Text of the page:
Pay Yourself First
It’s 6:41 am and I’m in my fleece Ghostbusters pajamas without a coffee. (I’ll grab the coffee after I’ve worked for a while- it makes a nice reward.) I’m sitting here on my kneeling chair, facing my computer with excellent posture. I’m here to pay myself first.
Good advice: Pay Yourself First
“Pay yourself first” is common advice in the financial independence (FIRE) community. Usually, it refers to putting money into savings, or better yet, investment accounts. The idea is to save some of your money right when you get it- before you have the chance to see that bright shiny item that you just have to spend it on.
Most people seem to do the opposite: pay the bills, buy the groceries, buy whatever they start to “need” during the month, and then consider saving whatever remains. Unfortunately, it tends to turn out that, with this method, there is simply nothing left.
So, to “pay yourself first” is to make savings a priority. It is the top priority.
I was thinking about this concept recently (while spiralizing zucchini) and it occurred to me that the same principle can, and should, be applied to time.
Today, I’m paying myself first in a different way: with time. Instead of waiting to have time to do the things that inspire and motivate me, I’m going to do them right away, before all of the time is spent.
Just like you, no doubt, I am busy. I am a stay-at-home mom. I homeschool 3 great kids, two of whom have difficult-to-manage health conditions. I am going through a divorce.
Around our house, there is always something to do. We have an expansive garden and 14 fruit trees on our ½ acre property. 3 of the 4 of us living here have Hypokalemic Periodic Paralysis– a genetic disorder that requires a special diet, which means a lot of cooking. A lot of cooking means a lot of cleaning. It seems that I always have a long list of boring-but-important tasks to keep me busy.
While I’m harvesting vegetables, freezing tomatoes, organizing the house, and putting stuff away, I listen to podcasts. I discovered podcasts years ago when I realized that my mundane daily tasks weren’t feeding my hungry mind. I started with Dave Ramsey, then Suze Orman, then finally discovered the Financial Independence/ Retire Early (FIRE) podcasting crowd. ChooseFI was an early FIRE favorite.
I noticed that if I listen to podcasts while working I don’t resent my housework. I am happy to work as long as I am learning at the same time. There was just one problem: these podcasts are incredibly motivating. More and more, I felt the desire to actually do meaningful work to contribute to society. I knew that raising super-impressive kids was a great service to the world. But, what else could I personally do?
I decided to collect all of the wonderful information that I acquire through podcasts (and life) and share it. I decided to become a blogger.
Sounds easy enough, right? But here was the problem: I didn’t have time. More accurately, I didn’t make time. Each night at about 11 pm, I found myself cleaning the house, making homemade bread or yogurt, doing some last-minute processing of garden produce before it could spoil, etc. There was no time left to blog or do anything else. I wouldn’t even read at night or watch a favorite TV show- I’d just climb into bed exhausted.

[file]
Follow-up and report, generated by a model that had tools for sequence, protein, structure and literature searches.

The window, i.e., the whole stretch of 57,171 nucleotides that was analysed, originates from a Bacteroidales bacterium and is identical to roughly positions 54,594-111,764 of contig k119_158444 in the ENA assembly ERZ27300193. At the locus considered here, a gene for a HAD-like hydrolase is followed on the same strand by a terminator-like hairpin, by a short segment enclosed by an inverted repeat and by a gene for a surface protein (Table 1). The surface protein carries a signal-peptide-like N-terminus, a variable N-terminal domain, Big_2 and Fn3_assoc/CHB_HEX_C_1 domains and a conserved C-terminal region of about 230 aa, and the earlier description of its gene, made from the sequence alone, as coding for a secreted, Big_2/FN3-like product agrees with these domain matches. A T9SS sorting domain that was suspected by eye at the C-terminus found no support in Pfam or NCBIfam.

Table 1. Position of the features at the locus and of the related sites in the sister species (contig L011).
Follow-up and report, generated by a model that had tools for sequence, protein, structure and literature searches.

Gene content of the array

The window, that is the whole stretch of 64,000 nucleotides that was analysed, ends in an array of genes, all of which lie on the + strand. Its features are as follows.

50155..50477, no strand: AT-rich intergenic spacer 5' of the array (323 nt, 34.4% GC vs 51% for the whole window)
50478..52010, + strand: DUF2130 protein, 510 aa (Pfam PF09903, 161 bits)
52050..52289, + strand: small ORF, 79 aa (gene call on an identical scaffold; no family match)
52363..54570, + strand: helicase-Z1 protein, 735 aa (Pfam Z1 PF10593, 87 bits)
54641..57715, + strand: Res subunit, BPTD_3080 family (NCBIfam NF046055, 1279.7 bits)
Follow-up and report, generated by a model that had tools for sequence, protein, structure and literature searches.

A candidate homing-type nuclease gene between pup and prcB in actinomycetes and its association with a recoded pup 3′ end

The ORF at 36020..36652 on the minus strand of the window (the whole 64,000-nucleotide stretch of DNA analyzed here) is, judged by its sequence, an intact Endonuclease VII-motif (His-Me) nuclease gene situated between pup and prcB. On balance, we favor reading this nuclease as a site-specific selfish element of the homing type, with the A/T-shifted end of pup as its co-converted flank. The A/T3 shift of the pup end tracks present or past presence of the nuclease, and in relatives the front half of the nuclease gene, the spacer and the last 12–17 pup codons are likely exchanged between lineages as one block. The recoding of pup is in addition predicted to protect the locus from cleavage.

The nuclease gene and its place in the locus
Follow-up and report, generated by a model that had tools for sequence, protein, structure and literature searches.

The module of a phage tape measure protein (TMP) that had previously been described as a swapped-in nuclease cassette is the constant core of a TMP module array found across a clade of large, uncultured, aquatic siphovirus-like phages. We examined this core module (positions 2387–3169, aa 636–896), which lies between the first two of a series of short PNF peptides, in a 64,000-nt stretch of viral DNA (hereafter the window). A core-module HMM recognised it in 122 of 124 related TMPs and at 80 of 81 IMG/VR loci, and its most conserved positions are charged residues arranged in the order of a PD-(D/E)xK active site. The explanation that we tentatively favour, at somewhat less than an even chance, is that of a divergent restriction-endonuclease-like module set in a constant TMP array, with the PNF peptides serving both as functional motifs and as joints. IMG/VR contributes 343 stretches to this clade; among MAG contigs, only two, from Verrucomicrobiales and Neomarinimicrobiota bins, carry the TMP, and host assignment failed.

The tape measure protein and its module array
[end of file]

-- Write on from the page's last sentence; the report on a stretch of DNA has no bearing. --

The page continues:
That’s exactly what happened last night, and I told myself it would be the last time. I set an alarm for 6 am and labeled it: start blogging.
Before sunrise, I woke up to a cold house. The mornings are cold here in Utah right now, as the hot summer weather transitions to fall. I have a self-imposed rule that I don’t turn on the heat and the air conditioning on the same day, so I have to buck up on these cold mornings. Usually, I cope by staying in bed way too long, browsing Facebook or surfing the Internet.
This morning, I threw on my Ghostbusters onesie. It’s like footie pajamas, but there are no feet on it. I like it that way because I can still wear socks and shoes. I bought it for a Halloween costume last year at my kids’ insistence. It’s warm and silly and fun.
I don’t plan on waiting for my coffee every morning, but today that was the deal because I procrastinated getting out of bed and it was already nearly 6:30. There was no time to get coffee and still get my “me time” before the kids would wake up. Besides, I can easily multitask making coffee and answering my kids’ questions, but it’s much more difficult to write while doing that.
Tomorrow, I hope to wake up at 6 again (or maybe even a little earlier) but jump right out of bed. I will have my coffee already waiting for me (cold brew). Every morning, I will “go to work” in my little loft office, (which overlooks both the garden and the kitchen,) and enjoy the beautiful morning silence.
I’m still a divorcing, single, stay-at-home mom of 3. I’m still homeschooling my kids and I still have yard and house maintenance, cooking, cleaning and shopping to do. Those things will take up most of my time for the foreseeable future. But today, I took on one more role in order to pay myself first: Starting today, I am a writer.